Time for another four-game season at TCU.
The first one went pretty well.
The Horned Frogs went into the first four games of 2017 aiming to win at least three against Jackson State, Arkansas, SMU and Oklahoma State. Gary Patterson would have been happy with that.
Instead, the Frogs exceeded their head coach’s expectations and went 4-0.
The last of the four wins, at then-No. 6 Oklahoma State, got the Frogs into the AP Top 10 and back on the national map. Instantly, they became contenders for the Big 12 championship and College Football Playoff.
Now, the same challenge is on the table for the finishing kick of Texas, Oklahoma, Texas Tech and Baylor. It began Saturday night with a 24-7 victory over the Longhorns, in which the TCU defense starred again and became the nation’s No. 1 unit against the run and sixth overall.
“This is a four-game season, so we’re 1-0 right now,” Patterson said.
Good start. Except this time, the goal is not 3-1. It’s another 4-0.
“You break it down like that, you see it like, ‘All right, we got this first one,’ and if we get the second one, you say, ‘All right, we got that second one,’ ” quarterback Kenny Hill said. “Instead of looking at the big picture, let’s just take it week by week.”
And this time, the reward for a perfect four-game season would be greater — the No. 1 seed and clear-cut favorite status in the Big 12 championship game, where a win would make a College Football Playoff berth a near slam dunk.
“It’s a tough four games,” Patterson said.
So were the first four. And the Frogs proved worthy.
Other observations from TCU 24, Texas 7:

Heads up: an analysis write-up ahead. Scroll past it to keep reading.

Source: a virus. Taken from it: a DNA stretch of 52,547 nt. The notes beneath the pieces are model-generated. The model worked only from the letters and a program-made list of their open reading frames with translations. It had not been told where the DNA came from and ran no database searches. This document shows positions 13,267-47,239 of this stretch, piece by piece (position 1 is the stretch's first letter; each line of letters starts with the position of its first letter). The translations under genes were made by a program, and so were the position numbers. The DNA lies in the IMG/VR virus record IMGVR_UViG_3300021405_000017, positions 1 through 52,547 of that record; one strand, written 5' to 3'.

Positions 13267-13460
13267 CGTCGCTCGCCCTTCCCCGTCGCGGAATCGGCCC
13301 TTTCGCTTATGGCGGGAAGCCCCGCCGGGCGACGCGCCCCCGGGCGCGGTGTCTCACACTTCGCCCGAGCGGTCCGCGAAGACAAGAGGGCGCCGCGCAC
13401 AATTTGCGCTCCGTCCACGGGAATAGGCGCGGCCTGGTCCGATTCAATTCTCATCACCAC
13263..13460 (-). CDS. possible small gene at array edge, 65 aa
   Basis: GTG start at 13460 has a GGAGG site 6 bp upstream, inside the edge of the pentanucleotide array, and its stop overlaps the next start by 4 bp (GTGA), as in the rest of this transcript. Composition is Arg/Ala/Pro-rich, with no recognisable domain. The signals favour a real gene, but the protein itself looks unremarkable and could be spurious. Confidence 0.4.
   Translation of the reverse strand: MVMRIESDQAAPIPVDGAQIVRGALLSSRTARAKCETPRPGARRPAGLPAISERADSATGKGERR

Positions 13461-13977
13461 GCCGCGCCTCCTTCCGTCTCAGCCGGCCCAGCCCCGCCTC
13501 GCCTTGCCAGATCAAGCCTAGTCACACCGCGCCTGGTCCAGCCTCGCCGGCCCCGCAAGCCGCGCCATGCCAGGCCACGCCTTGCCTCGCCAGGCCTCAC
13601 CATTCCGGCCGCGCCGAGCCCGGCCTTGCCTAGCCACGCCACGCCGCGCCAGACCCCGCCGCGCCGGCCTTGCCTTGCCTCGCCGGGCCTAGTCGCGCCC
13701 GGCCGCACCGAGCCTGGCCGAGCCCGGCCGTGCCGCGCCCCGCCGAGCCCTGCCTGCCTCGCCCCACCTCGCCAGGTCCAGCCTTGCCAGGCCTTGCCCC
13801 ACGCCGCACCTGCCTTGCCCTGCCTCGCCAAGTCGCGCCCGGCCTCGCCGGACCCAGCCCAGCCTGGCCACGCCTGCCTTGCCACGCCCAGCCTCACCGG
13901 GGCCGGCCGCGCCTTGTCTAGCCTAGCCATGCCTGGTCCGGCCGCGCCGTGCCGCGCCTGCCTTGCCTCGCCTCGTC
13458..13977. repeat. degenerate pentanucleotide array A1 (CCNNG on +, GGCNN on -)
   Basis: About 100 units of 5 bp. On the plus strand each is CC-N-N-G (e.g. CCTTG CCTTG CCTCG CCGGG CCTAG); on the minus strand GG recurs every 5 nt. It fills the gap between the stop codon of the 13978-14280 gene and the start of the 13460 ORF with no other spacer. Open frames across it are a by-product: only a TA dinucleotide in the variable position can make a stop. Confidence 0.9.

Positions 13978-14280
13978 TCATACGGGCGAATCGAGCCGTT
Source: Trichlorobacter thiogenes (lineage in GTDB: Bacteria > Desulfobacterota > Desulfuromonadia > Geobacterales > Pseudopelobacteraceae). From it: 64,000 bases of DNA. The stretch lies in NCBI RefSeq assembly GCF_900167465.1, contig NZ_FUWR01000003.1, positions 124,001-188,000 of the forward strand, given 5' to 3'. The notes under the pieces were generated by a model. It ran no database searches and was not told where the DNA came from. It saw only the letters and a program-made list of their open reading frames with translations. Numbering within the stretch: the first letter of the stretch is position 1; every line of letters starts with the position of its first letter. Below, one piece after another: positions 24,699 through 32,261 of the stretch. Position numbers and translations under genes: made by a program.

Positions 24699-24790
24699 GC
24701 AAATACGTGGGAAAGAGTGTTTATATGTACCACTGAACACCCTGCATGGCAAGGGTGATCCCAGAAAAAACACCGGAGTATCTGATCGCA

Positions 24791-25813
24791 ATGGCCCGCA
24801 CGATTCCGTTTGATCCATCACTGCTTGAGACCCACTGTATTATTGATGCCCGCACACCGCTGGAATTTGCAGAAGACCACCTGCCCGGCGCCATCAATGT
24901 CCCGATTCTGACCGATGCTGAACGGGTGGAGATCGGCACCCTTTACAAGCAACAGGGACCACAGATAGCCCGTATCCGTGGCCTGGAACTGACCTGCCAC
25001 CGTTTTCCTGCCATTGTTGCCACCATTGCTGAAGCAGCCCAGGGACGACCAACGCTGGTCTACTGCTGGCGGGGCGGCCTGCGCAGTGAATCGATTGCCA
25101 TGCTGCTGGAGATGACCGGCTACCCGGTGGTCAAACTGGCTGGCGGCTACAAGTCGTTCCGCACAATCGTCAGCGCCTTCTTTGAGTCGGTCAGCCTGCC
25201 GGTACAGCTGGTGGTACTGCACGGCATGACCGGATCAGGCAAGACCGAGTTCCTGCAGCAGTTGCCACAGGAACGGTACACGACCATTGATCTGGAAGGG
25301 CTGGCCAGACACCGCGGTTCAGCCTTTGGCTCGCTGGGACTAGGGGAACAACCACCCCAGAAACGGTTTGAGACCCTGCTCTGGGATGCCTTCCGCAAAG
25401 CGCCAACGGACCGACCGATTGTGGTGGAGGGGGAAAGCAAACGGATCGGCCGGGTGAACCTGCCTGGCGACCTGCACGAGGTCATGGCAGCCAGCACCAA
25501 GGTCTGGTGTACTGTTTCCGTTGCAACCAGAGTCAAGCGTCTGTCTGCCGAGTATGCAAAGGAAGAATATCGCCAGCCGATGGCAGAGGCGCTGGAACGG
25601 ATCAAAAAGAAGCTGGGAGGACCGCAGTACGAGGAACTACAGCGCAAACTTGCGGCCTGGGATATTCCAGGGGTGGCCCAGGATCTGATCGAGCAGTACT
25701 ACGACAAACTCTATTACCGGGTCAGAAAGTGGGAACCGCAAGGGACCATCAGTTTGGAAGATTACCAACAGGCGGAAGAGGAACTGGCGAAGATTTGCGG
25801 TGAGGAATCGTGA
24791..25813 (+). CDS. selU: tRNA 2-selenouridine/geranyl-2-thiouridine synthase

1. TCU played the best defenses in the league the last two weeks — besides its own — and paid for it. In the two games, the Frogs were 9-for-31 combined on third down, scored 31 points and went 1-1. They’re no longer the nation’s best third-down offense; in fact, they’re No. 6 at an even 50 percent, though that’s still outstanding. But the offense’s struggles were clear against Iowa State, 40th nationally in defense, and Texas, 43rd. Next up for the Frogs: the 87th-, 108th- and 121st-ranked defenses in the country, in that order.
2. Ascending to No. 1 in the nation in rushing defense has to warm Patterson’s heart. The Frogs’ 17th-year head coach loves little more than stopping the run. It’s a test of strength and will. For weeks, the Frogs have been acing it. In the last four games, TCU has allowed 70, negative-25, 53 and 9 yards on the ground. And not because teams aren’t trying. K-State, Kansas, Iowa State and Texas averaged 29.8 attempts.
3. Clearly, the last four offenses that TCU has faced are not in the league of Oklahoma or any of the nation’s best. And one was led by a quarterback making his first start. But good defenses don’t let bad offenses look good. The Frogs allowed those four opponents to score three total touchdowns and average less than 200 yards a game. And not by some fluke. There were only two takeaways in that stretch. Instead, 15 sacks among 34 tackles for loss tell the story. TCU simply overpowered four blah offenses.
4. Everybody knows TCU spreads the ball around on offense. Twenty players have caught a pass, and 12 have a carry. Something similar is starting to apply on defense. Linebacker Ty Summers and defensive tackle Joseph Broadnax recorded their first sacks Saturday night against Texas, making it 13 players with a sack for the TCU defense. Every defensive end and defensive tackle in the eight-man rotation has a sack.
5. It was another high-penalty game for TCU. A week after committing 11 infractions against Iowa State, the Frogs had nine against Texas. That’s the most in a two-game stretch for TCU this season. Interestingly, none of the TCU penalties against Texas were for holding. That’s one week after drawing five offensive holding calls against Iowa State, a single-game high for TCU this season. In the seven games before that, TCU had four offensive holding calls total and two defensive. So add it up: For the season, TCU has been called for holding 11 times — nine on offense, two on defense, five in one game.